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Feature Story Greece’s Marine Diesel Engine Parts Market Trends

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작성자 최고관리자 댓글 0건 조회 73회 작성일 19-09-16 18:47

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1. Market Summary

Diesel Engines used in various industries, such as the shipbuilding industry, are commonly referred to as Compression Ignition Engines.
A Marine Diesel Engine(HS Code 840999), depending on its standardisation and operational method, is categorized by the following:
- Speed: Fast, Average or Slow
- Use: Automobile, Shipping or Locomotive Industries
- Cylinder Arrangement: Horizontal, Vertical, V-type or Radial Engines
- Application: Two-stroke, Four-stroke, Single-acting or Double-acting Engines

Marine Diesel Engines used on boats, ships or submarines are Two-stroke or Four-stroke. Ships that operate at normal speeds use Two-stroke engines, while ships which require further support use Four-Stroke engines with higher torque. The most important parts of a ship’s engine are the crankshaft, the base plate, the cylinder liner, and the piston.


2. Market Size and Trend

Korean shipbuilders have built over 30% of Greece’s ships. Subsequently, brand awareness of Korean parts is relatively high. When ship owners and importers decide on an engine, the ship’s builder or a ‘maker list’ provided by the builder holds significant influence. However, the high quality of parts manufactures in Germany and Finland is competition for Korean parts manufacturers.
During the Korea Trade Commission(KOTRA) - Athens Chamber’s interview with Argyris Vazeos, CEO of S. Vazeos & Sons., Vazeos stated that Greece’s ship engine parts market is worth an estimated USD 268 million. In addition, Vazeos expected the 2019 Ship Engine Parts Market size to grow 3 – 5% compared to last year. However, a lack of official statistics related to the scale of part imports from the Shipowners Society, the Ship Parts Importers Society or the Shipbrokers Association makes it difficult to confirm the figures.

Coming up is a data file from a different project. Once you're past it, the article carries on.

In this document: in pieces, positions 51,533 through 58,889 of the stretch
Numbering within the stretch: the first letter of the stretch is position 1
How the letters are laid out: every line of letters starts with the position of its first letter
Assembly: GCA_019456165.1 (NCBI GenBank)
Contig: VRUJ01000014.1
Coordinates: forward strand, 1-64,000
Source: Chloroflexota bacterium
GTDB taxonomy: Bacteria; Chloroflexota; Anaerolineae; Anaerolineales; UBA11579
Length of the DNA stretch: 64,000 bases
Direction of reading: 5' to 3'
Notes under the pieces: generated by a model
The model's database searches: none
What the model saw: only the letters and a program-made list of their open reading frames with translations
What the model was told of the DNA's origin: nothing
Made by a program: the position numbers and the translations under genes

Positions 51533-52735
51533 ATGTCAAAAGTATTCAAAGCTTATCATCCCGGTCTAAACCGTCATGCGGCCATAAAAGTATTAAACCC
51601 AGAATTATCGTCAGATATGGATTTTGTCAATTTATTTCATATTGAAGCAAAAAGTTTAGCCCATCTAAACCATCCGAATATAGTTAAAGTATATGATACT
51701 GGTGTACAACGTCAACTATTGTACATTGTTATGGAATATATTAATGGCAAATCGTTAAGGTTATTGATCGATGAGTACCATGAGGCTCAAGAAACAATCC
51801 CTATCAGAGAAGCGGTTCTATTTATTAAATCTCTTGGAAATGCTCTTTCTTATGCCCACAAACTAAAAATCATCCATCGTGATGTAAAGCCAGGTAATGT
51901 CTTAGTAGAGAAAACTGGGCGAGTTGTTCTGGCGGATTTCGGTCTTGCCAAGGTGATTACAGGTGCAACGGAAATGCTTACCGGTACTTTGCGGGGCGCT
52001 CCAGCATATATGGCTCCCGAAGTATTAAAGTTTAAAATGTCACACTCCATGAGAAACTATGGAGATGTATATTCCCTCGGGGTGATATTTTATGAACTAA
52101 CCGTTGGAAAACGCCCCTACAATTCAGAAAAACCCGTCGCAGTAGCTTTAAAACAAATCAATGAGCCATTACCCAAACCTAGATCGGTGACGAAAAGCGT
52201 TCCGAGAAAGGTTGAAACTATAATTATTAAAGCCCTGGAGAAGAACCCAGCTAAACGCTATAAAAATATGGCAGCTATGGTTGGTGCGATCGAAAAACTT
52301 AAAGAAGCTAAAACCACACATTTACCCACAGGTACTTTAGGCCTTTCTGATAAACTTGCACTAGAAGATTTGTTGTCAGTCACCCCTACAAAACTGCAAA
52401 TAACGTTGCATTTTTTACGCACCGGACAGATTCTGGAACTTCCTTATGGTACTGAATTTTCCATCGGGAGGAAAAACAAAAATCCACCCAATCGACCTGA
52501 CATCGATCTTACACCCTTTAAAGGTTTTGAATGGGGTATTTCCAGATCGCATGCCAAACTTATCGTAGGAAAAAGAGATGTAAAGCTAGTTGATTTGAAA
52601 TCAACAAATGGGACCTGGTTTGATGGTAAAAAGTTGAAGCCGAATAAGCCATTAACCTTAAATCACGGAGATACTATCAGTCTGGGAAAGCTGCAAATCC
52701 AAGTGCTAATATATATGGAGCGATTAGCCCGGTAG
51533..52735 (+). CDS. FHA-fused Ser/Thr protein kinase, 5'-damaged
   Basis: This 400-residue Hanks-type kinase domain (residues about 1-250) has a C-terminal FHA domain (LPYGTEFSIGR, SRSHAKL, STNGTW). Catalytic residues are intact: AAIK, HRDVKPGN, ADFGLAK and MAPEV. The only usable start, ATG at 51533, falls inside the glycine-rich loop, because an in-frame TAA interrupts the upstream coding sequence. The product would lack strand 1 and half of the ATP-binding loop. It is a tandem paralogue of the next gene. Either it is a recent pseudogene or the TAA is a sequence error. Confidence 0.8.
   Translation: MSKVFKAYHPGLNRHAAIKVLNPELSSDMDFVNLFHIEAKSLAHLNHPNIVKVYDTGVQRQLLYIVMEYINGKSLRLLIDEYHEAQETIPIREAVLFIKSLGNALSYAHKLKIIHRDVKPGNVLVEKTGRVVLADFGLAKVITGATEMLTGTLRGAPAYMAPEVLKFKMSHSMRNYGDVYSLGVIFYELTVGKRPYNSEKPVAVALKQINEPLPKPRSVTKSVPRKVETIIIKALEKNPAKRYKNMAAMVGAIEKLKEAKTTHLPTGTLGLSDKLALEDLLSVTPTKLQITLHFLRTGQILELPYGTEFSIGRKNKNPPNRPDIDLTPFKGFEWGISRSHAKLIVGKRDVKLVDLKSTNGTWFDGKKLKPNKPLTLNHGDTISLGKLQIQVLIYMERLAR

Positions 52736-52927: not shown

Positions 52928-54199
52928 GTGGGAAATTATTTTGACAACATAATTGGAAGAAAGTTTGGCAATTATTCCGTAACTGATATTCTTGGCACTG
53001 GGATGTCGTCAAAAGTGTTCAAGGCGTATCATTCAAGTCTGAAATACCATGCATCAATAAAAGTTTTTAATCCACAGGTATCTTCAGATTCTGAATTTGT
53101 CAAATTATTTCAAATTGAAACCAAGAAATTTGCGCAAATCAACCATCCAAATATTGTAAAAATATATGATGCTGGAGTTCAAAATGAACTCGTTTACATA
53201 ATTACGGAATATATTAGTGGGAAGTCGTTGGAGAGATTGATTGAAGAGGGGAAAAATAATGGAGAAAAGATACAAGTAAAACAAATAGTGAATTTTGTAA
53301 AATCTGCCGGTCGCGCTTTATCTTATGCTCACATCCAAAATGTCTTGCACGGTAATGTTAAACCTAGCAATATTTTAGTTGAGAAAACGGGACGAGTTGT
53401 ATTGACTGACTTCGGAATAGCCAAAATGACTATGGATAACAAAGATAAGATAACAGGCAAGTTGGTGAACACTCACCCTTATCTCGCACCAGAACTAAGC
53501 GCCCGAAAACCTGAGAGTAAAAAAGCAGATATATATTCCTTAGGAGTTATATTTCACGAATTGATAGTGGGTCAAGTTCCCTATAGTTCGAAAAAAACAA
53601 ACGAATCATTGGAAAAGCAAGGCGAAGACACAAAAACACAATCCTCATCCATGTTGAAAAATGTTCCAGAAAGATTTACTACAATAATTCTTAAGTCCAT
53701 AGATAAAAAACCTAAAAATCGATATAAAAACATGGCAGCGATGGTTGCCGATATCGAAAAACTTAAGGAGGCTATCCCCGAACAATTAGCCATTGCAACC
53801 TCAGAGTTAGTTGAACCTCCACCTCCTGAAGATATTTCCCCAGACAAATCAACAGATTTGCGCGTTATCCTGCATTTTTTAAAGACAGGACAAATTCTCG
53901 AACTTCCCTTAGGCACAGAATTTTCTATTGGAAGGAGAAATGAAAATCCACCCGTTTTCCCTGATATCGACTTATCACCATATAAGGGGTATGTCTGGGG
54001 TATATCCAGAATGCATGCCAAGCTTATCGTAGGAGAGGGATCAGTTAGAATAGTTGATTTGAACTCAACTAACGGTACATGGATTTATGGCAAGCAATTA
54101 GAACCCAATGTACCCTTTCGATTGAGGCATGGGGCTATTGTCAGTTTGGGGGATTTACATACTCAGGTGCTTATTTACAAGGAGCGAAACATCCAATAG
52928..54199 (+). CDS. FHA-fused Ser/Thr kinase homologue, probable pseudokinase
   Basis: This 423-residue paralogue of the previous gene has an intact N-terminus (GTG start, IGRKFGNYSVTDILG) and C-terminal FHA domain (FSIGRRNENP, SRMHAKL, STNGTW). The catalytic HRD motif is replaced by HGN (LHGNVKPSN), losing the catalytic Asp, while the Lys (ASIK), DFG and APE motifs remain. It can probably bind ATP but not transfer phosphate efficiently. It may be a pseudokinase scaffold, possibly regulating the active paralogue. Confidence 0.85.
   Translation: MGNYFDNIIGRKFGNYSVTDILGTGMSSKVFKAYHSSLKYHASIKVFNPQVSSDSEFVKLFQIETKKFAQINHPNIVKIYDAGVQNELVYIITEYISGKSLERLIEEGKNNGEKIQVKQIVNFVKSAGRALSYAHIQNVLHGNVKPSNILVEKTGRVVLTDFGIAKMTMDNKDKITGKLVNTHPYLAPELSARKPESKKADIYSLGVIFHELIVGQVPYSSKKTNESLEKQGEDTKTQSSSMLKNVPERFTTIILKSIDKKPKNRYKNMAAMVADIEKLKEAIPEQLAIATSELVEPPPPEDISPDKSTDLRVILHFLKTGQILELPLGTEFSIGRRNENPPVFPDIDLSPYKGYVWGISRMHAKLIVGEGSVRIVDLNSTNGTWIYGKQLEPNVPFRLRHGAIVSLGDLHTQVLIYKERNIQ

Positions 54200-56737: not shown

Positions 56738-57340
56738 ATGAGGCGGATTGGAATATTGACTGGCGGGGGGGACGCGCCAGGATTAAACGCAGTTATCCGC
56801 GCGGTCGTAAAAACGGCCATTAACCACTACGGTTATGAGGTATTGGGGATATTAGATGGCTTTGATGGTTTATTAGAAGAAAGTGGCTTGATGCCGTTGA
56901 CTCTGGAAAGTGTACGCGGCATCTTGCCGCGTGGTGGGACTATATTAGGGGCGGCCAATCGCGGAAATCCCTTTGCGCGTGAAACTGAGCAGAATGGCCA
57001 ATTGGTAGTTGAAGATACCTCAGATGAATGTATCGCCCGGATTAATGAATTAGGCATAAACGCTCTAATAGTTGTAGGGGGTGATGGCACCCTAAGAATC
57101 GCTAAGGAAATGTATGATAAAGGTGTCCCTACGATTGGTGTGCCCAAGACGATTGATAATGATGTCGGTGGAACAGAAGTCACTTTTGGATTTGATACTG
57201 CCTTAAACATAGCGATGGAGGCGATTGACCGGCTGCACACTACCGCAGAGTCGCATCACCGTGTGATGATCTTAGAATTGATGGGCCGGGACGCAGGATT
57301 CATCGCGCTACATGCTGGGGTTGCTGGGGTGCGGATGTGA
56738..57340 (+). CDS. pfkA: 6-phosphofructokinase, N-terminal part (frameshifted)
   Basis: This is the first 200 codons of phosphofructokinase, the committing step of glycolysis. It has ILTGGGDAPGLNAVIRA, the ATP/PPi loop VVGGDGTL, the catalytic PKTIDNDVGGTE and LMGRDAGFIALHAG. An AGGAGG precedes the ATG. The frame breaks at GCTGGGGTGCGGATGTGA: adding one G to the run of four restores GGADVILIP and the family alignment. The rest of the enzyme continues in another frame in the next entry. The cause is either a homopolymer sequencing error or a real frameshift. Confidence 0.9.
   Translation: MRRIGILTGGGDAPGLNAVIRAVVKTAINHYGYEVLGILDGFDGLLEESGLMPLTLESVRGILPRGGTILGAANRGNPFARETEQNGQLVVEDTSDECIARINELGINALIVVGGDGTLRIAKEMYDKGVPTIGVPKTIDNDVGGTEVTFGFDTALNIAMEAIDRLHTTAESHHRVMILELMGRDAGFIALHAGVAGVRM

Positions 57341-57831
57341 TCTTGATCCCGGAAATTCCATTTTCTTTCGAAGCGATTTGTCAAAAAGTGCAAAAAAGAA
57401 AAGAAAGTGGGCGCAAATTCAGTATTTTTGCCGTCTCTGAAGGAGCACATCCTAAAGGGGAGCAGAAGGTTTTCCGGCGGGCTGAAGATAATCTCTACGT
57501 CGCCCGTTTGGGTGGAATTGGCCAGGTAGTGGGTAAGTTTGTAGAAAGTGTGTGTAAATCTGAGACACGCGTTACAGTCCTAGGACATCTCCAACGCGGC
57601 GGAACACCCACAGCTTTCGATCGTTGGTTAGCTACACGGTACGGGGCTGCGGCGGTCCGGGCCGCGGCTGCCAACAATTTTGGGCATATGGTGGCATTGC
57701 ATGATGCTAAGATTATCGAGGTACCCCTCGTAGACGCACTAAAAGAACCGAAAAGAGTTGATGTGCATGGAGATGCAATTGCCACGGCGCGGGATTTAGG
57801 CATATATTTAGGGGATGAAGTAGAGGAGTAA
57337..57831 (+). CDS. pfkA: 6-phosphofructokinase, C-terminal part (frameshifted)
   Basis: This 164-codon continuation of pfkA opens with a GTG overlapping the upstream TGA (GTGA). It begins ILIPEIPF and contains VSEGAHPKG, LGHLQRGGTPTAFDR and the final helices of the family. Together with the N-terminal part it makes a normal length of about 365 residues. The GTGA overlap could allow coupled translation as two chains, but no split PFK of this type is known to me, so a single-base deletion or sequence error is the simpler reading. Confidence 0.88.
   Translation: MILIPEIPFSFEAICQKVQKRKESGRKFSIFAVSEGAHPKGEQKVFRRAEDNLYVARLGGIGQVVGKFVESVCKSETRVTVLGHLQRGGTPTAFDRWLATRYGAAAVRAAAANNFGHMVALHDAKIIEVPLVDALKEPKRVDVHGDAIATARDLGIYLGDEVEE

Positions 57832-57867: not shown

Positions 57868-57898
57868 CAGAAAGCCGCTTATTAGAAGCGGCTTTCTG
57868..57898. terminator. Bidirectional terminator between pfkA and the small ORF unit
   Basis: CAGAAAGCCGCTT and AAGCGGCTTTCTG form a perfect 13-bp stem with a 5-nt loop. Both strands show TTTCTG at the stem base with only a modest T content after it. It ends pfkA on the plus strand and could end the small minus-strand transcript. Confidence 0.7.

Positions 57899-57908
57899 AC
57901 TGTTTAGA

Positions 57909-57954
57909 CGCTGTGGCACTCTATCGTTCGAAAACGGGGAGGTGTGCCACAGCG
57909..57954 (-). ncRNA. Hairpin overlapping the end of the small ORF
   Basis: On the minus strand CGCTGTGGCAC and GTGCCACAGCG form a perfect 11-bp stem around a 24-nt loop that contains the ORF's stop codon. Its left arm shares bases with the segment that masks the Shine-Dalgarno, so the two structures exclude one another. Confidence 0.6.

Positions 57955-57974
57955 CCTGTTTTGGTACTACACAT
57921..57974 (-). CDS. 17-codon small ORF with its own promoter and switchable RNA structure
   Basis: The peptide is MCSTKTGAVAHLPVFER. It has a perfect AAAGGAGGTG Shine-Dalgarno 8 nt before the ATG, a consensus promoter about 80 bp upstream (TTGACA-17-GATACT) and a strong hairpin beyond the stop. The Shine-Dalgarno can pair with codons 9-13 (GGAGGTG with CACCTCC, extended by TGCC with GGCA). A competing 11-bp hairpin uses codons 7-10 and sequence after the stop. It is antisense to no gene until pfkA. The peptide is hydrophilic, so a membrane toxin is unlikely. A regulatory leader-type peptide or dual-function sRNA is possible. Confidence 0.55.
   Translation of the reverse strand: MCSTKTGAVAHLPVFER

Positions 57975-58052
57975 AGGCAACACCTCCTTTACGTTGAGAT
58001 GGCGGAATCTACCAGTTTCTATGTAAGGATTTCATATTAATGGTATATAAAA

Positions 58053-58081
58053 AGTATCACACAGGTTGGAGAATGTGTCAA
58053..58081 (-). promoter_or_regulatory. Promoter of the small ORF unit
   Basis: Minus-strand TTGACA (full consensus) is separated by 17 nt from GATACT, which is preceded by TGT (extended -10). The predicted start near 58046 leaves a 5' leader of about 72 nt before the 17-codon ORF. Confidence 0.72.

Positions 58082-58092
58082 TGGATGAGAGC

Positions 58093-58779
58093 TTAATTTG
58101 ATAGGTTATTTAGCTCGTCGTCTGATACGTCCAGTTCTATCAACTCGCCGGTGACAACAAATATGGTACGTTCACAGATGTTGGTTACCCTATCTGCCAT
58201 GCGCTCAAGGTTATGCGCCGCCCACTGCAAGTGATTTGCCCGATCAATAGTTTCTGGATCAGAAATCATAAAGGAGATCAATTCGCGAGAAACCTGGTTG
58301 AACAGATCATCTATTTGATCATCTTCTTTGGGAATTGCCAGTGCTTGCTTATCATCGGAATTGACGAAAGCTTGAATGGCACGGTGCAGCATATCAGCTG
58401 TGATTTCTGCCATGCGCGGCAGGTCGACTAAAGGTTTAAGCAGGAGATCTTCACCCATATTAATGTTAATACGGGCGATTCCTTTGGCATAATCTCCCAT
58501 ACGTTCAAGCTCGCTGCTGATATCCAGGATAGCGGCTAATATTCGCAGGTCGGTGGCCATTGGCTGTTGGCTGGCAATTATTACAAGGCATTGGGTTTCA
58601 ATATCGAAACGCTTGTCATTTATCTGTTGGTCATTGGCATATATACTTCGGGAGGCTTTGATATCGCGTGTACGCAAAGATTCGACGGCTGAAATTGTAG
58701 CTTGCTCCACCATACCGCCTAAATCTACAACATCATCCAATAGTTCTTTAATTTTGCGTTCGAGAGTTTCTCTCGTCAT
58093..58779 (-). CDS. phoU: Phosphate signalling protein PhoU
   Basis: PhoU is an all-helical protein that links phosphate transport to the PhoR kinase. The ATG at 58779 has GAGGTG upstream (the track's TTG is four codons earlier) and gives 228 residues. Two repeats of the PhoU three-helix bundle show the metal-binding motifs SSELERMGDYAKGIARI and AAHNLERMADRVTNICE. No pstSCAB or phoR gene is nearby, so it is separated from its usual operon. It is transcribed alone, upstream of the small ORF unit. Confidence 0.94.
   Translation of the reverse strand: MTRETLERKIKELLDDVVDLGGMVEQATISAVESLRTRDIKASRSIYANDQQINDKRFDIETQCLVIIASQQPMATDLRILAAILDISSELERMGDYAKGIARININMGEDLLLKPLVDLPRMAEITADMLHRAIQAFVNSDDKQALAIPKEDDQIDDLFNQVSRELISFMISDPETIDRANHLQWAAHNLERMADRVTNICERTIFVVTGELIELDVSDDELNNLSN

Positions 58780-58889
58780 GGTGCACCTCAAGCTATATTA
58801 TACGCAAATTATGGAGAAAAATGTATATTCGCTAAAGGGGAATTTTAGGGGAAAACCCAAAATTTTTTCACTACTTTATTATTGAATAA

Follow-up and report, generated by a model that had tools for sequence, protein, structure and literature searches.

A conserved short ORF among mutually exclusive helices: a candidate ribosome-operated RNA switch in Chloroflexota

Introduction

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3. Import Trends

2018 marine diesel engine parts imports were USD 89.9 million, down 6.2% from 2017. The import market remained relatively flat, with an 8.8% increase compared to 2016. 
Greece’s marine diesel engine parts imports are predominantly from Japan, Germany, Korea, Belgium and the Netherlands. Japan and Germany account for the greatest market share, with 28% of Greek imports coming from the two countries. The Netherlands maintained its position in the top three for the past three years; however, following a 30.8% fall in exports to Greece, it has fallen to a top-five import market worth USD 6 million.
Parts imports are not directly into Greece but to the country where the ship is being built or repaired. As a result, it is difficult to provide exact figures or market size estimates for Greek imports of Korean parts.

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4. Competition Trends

Greece’s domestic marine diesel engine part manufacturers are small enterprises that manufacture on a custom order basis. As a result, Greece relies heavily on imports.
According to the interview with Argyris Vazeos, MAN or Wartsila parts are predominant in the Greek diesel engine parts market. This is because most newly built ships are fitted with engines from either of these makers. Aside from those, Korean and Japanese brands such as Yanmar, Daihatsu, Doosan and Mitsubishi HI also have an active presence.
The marine diesel engine parts market is categorised into genuine parts, OEM parts, and after-market parts. Parts sold in Greece, genuine and after-market, depending on quality and guarantee period can cost up to 70% more than the country it was manufactured in. There are a variety of marine engines and parts, but the Yanmar M200L diesel and the Daihatsu DK-20 cylinder liner engine are common and cost anywhere between USD 450 – 700 and USD 250 – 450, respectively.